The Effect of Fatigue on Injury Risk in the Film Industry

The Effect of Fatigue on Injury Risk in the Film Industry

From grips to performers, costumers to carpenters, and everyone in between, the film industry is a demanding one, involving long hours, hard work, and erratic schedules. Fatigue is often the norm, not the exception.

But when we talk about work‐related injuries, we tend to focus only on the physical nature of the job, turning to tried and true ergonomic principles designed to eliminate musculoskeletal hazards such as awkward postures or heavy material handling or excessive workloads.

What is often overlooked is the cognitive side of ergonomics, and how sleep‐related fatigue also contribute to injuries.

If you haven’t heard it yet, the science is clear. All adults need a minimum of 7‐9 hours of sleep to fully recharge the body and brain. Anything less than is detrimental to safe work performance.

Let me explain.


Our Energy Hog


When you’re tired, whether from lack of sleep or from running around on your feet all day, the body goes into conservation mode. It does that by shutting down the biggest energy hog we have… our executive control center, known as the prefrontal cortex. That’s the brain’s engine, responsible for regulating our thoughts, emotional responses, and actions.

In the short term, cognitive impairments typically appear first in the form of

  • flawed logic (I’m ok to drive home after an 18‐hour day),
  • working memory problems (did I check the weight limit on that sling?),
  • lack of communication (it’s not complicated, they’ll figure it out),
  • reduced tolerance (I’ll do it, get out of my way),
  • reduced situational awareness (not noticing the boom you walked into, or the spill on the floor),
  • poor judgment (sure they’re tired, but one more “take” and we’ll wrap it up),
  • poor hand‐eye coordination (chuck that roll of duct tape, would you?), and
  • less effective problem solving (let’s just get it done already!).1

Simply put, a tired brain has us under‐estimate risk and be more accepting of risk.

Fatigue also has a direct effect on our physical capabilities. It reduces our muscle’s ability to generate force and decreases joint proprioception and motor performance. In layman’s terms, that means

  • we feel functionally weaker (encouraging us to take more shortcuts that put us in harm’s way),
  • we have impaired equilibrium and coordination (meaning poor body mechanics and material handling techniques), and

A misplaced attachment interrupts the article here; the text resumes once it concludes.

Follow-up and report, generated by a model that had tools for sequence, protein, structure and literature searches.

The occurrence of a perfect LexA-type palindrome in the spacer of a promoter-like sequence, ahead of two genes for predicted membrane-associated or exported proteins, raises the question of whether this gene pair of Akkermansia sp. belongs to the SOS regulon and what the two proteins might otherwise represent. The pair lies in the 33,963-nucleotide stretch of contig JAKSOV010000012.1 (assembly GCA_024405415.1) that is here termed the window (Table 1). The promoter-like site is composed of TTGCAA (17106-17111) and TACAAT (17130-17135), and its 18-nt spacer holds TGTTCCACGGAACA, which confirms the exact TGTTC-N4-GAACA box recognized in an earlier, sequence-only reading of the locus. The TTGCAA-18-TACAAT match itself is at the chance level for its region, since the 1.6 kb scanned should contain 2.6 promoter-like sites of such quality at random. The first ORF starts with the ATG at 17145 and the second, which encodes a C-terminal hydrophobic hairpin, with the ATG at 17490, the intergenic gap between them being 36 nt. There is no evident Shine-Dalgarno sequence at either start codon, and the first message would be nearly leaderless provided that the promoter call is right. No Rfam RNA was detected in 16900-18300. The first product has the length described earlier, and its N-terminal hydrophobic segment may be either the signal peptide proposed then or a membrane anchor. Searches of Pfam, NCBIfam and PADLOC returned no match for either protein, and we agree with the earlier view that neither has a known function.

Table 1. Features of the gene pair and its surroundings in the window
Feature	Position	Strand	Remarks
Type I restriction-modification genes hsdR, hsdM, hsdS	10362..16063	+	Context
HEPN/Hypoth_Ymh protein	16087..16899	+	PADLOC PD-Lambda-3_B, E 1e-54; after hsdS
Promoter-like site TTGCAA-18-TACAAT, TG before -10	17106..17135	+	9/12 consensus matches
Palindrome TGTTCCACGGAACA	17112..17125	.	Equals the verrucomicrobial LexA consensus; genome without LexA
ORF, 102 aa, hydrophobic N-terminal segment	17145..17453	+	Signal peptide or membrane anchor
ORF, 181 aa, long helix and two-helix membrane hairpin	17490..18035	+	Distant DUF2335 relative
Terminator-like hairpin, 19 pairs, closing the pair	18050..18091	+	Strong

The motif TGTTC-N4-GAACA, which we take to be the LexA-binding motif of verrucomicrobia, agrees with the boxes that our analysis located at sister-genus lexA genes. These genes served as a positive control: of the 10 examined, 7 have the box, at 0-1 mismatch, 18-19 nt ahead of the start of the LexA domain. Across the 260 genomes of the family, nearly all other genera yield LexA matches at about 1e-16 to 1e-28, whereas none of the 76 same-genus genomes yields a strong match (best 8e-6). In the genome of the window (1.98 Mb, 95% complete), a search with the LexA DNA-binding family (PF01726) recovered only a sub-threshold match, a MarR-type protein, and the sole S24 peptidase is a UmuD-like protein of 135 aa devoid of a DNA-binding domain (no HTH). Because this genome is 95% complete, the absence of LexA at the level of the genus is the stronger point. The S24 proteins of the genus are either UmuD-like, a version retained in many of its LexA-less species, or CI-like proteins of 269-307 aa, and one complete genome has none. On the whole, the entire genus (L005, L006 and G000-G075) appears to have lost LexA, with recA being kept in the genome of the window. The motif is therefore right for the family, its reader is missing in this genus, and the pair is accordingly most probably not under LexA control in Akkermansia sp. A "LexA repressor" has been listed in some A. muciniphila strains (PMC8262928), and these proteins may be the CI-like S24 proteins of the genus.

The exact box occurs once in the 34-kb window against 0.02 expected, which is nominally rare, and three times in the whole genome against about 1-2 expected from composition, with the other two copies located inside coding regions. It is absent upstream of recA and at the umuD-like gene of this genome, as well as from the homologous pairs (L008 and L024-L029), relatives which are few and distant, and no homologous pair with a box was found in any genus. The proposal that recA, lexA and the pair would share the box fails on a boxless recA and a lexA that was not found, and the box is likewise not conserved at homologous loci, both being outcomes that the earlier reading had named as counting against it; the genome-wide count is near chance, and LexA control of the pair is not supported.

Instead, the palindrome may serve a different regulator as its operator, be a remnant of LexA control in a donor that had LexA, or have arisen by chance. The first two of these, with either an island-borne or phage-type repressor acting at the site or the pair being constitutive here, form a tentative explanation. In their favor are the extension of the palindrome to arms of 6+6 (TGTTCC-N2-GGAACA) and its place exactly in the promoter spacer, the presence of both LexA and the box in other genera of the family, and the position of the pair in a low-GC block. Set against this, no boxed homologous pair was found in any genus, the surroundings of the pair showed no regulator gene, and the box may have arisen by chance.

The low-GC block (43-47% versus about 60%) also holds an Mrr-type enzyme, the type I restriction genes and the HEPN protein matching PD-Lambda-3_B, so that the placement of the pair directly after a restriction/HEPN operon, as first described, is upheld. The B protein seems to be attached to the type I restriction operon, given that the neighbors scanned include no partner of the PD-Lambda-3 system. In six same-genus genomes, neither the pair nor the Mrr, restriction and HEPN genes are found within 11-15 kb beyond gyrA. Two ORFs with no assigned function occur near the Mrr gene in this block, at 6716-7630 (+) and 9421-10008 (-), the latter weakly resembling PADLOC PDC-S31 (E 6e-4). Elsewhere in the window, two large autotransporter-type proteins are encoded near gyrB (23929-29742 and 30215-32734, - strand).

• we lose our sense of balance (more slips, trips and falls).2

Sleep Debt and Injuries

All of this translates into more injuries that are preventable, and we have the research that backs this. For example, in a study of 11,000 Americans over a 13‐year period, jobs with overtime schedules had a 61% higher injury risk rate compared to jobs without overtime.The same study also found that working at least 12 hours per day was associated with a 37% increase in relative risk and working at least 60 hours per week was associated with a 23% increase. In 2010, researchers examined four years of data and were able to demonstrate the impact of sleep and working hours with the relative risk for having a work‐related injury.4


Are your people at risk?

Science reveals there are four key fatigue factors that influence our risk for injury.

  1. Long work hours
  2. Irregular schedules
  3. Short sleep duration
  4. Poor sleep quality

What to do?

Airframe Exoskeleton

Productions still need to focus on reducing physical fatigue to reduce injury risk. That includes

  • Incorporating material handling aids, like exoskeletons
  • Suspending tools with jigs, vices, winches, tool balancers
  • Job rotation to distribute heavy or repetitive work
  • Longer or more frequent breaks for demanding work or challenging environments

Risk associated with sleep‐related fatigue can be addressed by

  • Incorporating schedules that accommodate for adequate recuperative sleep (consider commute times and their impact)
  • On duty rest breaks in quiet areas
  • Ensuring good housekeeping to reduce hazards that may go unnoticed when tired
  • Improving lighting in darkened areas
  • Increases in cross‐checking and double‐checking
  • Incorporation of checklists to reduce errors and incidents
  • Ensuring fatigued workers have safe transport home

Ultimately, preventing injuries requires multiple, overlapping ergonomic controls that address both physical and cognitive factors.

Abd‐Elfattah, H., Abdelazeim, F., & Elshennawy, S. (2015). Physical and cognitive consequences of fatigue: A review. Journal Of Advanced Research(3), 351‐358. doi:10.1016/j.jare.2015.01.011
Dembe AE, Erickson JB, Delbos RG, et al. (2005).The impact of overtime and long work hours on occupational injuries and illnesses: new evidence from the United States. Occup Environ Med 62:588–597.
van der Linden, D. (2011). The urge to stop: The cognitive and biological nature of acute mental fatigue. American Psychological Association.
Lombardi DA, Folkard S, Willetts JL, Smith GS. Daily sleep, weekly working hours, and risk of work‐related injury: US National Health Interview Survey (2004‐2008). Chronobiol Int. 2010;27:1013‐1030.

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Working From Home: Laptop Ergonomics

Working From Home: Laptop Ergonomics

Ahh… living the dream, working from the comfort of your home with your handy laptop! You can work, stream, chat, and do everything without leaving the couch. Unfortunately, with the good, comes the bad.

Notebooks and laptops were designed to give the user the ability to input information when away from the office. Initially, their purpose was to be used for small entry tasks requiring short duration of input time. Striving to make them as portable as possible, designers have continually introduced smaller and lighter models.

This smaller size, along with the inability to independently position the screen and keyboard results in the individual compromising their typing and mousing posture or their head and neck position. Laptop keyboards are also more compact than regular computer keyboards. This presents wrist problems especially for men as even a regular sized keyboard often inhibits them due to their larger hand size and broader builds.

Short‐term, infrequent use of laptops is not problematic (so go ahead, curl up on the couch with your dog and balance the laptop on a pillow) but if a laptop is being used in one location for extended periods of time, then it is not the right tool for the job.

If a laptop needs to be used in one location regularly for any length of time, consideration should be given to attaching a separate monitor, keyboard and mouse. This will help you achieving better posture and prevent those nagging aches and pains from showing up!